By Sam Carchidi

Photo Credit: Al Bello / Allsport.

John Vanbiesbrouck hasn’t played since the 2001-02 NHL season, but the former Florida Panthers star goalie is still close to hockey. Very close.

Now 58, Vanbiesbrouck is on USA Hockey’s management team, helping to select the country’s players for the 2022 Olympics in Beijing. Team USA is scheduled to begin Olympic play Feb. 10 against host China.

Back was he was playing professionally in South Florida, Vanbiesbrouck was the Little Goalie Who Could. Remarkably, the Panthers reached the Stanley Cup Final in just their third year of existence.

Vanbiesbrouck, owner of 2.25 goals-against average and .932 save percentage in the 1996 Stanley Cup playoffs, was a driving force on that team. Ditto right winger Scott Mellanby, who led the Panthers in goals (32) and points (70) that season.

“It was an extremely special year,” Vanbiesbrouck said recently. “I think people understand now how special it was.”

Florida has never returned to the Stanley Cup Final, though this season’s team looks like a strong contender.

In 2018, Vegas got to the Final even quicker than Florida. The Golden Knights reached the Final in their inaugural season (2017-18), losing to Washington in five games.

“But I think the difference is that we had more communication and access to the fans when we played,” said Vanbiesbrouck, comparing the Panthers’ run to Vegas’. When Florida got to the Final, “it was all pre-9/11, so there was a lot more fluidity and fans could get near players, and we had a lot of special events. I say that because of the Rat Festival we had that year, which turned out to be a great story. That was just one of MANY great stories that year.”

For the Panthers, it was known as The Year of the Rat. Before their home opener that season, Mellanby apparently killed a rat in the Miami Arena dressing room with his stick, then scored two goals (supposedly with rat fur on his stick) in a 4-3 win over the Flames that night. Vanbiesbrouck called it a “rat trick.”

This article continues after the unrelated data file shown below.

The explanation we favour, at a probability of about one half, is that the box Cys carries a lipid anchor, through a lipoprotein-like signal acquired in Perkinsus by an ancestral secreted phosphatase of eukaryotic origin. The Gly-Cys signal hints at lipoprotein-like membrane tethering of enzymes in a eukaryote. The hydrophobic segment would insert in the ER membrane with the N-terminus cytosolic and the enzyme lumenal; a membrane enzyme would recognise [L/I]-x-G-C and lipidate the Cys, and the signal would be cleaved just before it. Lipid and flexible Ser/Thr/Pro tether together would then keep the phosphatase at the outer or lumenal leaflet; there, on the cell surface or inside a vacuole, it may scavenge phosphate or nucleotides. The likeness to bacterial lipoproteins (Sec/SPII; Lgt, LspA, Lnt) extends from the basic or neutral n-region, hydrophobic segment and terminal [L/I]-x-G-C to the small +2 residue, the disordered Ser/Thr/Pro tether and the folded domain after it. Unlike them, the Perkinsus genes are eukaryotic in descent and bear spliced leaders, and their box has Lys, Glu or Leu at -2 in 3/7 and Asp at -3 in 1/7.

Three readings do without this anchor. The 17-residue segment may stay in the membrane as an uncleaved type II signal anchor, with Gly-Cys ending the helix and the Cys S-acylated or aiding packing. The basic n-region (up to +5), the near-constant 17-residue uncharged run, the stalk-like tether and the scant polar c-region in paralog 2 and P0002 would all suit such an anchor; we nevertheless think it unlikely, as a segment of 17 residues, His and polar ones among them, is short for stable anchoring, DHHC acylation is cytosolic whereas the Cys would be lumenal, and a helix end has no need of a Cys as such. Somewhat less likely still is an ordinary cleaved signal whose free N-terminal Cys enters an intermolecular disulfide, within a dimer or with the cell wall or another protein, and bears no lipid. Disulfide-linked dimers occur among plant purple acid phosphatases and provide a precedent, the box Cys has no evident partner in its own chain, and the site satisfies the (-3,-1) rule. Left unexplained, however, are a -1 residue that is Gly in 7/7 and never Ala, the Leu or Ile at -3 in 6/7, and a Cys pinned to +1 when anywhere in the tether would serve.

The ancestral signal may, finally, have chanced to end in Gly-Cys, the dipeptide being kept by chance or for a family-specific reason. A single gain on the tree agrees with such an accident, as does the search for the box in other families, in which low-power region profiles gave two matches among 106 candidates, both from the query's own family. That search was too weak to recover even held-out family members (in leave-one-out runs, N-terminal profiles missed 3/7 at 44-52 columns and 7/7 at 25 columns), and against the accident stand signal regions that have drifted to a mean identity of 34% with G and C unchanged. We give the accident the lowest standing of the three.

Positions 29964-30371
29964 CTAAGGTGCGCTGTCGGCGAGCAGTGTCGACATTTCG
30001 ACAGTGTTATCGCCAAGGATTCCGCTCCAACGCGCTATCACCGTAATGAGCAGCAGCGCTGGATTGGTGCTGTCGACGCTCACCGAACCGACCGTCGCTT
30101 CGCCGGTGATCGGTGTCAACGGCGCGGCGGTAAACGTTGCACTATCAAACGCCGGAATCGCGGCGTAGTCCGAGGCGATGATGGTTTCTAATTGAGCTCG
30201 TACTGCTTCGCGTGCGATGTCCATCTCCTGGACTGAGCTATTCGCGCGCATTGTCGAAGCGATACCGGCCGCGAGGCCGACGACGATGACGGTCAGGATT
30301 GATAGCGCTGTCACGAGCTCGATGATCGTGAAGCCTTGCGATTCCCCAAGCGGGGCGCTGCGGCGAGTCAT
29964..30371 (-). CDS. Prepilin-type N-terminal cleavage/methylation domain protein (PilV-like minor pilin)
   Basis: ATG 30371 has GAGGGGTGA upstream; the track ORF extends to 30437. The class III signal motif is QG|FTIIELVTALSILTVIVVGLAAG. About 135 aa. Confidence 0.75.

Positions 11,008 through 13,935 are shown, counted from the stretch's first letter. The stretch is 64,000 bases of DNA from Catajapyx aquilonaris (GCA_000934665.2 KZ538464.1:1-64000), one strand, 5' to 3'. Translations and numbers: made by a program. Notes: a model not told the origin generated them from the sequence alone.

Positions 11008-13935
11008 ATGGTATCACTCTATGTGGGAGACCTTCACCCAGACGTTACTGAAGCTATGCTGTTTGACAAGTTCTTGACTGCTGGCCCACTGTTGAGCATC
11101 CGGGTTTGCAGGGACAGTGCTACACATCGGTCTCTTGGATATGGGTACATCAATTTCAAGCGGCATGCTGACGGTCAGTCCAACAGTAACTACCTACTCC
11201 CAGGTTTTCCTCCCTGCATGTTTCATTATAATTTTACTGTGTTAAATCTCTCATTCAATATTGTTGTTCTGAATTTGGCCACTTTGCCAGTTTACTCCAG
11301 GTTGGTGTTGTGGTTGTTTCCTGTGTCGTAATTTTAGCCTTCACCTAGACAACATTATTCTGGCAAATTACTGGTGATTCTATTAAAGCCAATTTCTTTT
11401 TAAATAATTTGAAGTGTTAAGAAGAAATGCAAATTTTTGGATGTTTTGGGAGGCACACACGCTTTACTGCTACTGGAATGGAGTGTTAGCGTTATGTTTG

It was the start of a craze. After that game, Panthers fans began throwing plastic and rubber rats on the ice when their team scored a goal.

Photo Credit: Glenn Cratty / ALLSPORT / NHL Images

“We had the good fortune of the players coming together that year, but mostly, we had a great connection with the fans of South Florida,” Vanbiesbrouck said.  “I think it’s lasted the test of time. I think people point to that team” as being very special. “It’s not like they haven’t had some success, but they haven’t gotten back to the Finals.”


Fast-forward 25 (going on 26) years from that unforgettable season, and Vanbiesbrouck is extremely proud of his association with Team USA. 

Besides Vanbiesbrouck, the U.S. Olympic Team’s leadership group includes Minnesota Wild GM Bill Guerin and Pittsburgh Penguins coach Mike Sullivan. The first three players the group picked for the Olympics: Patrick Kane and Seth Jones of the Blackhawks, and the Toronto Maple Leafs’  Auston Mathews. The final team, which is expected to be finalized in early January, will have 25 players.

“It’s an honor to be a part of this,” said Vanbiesbrouck, who will be with the team in China. “And it’s great to work with these people on the highest level and to represent our country on the biggest stage. … And in living through this time of great uncertainty (because of the pandemic), it’s certainly going to be a shot in the arm to our country to put together a great group of players and give it our best shot.”

Vanbiesbrouck, assistant executive director of hockey operations for USA Hockey, is responsible for “everything international for the United State,” so he is also deeply involved with the women’s and Paraolympic sled teams that will compete in Beijing. The women’s team is the defending gold medalist.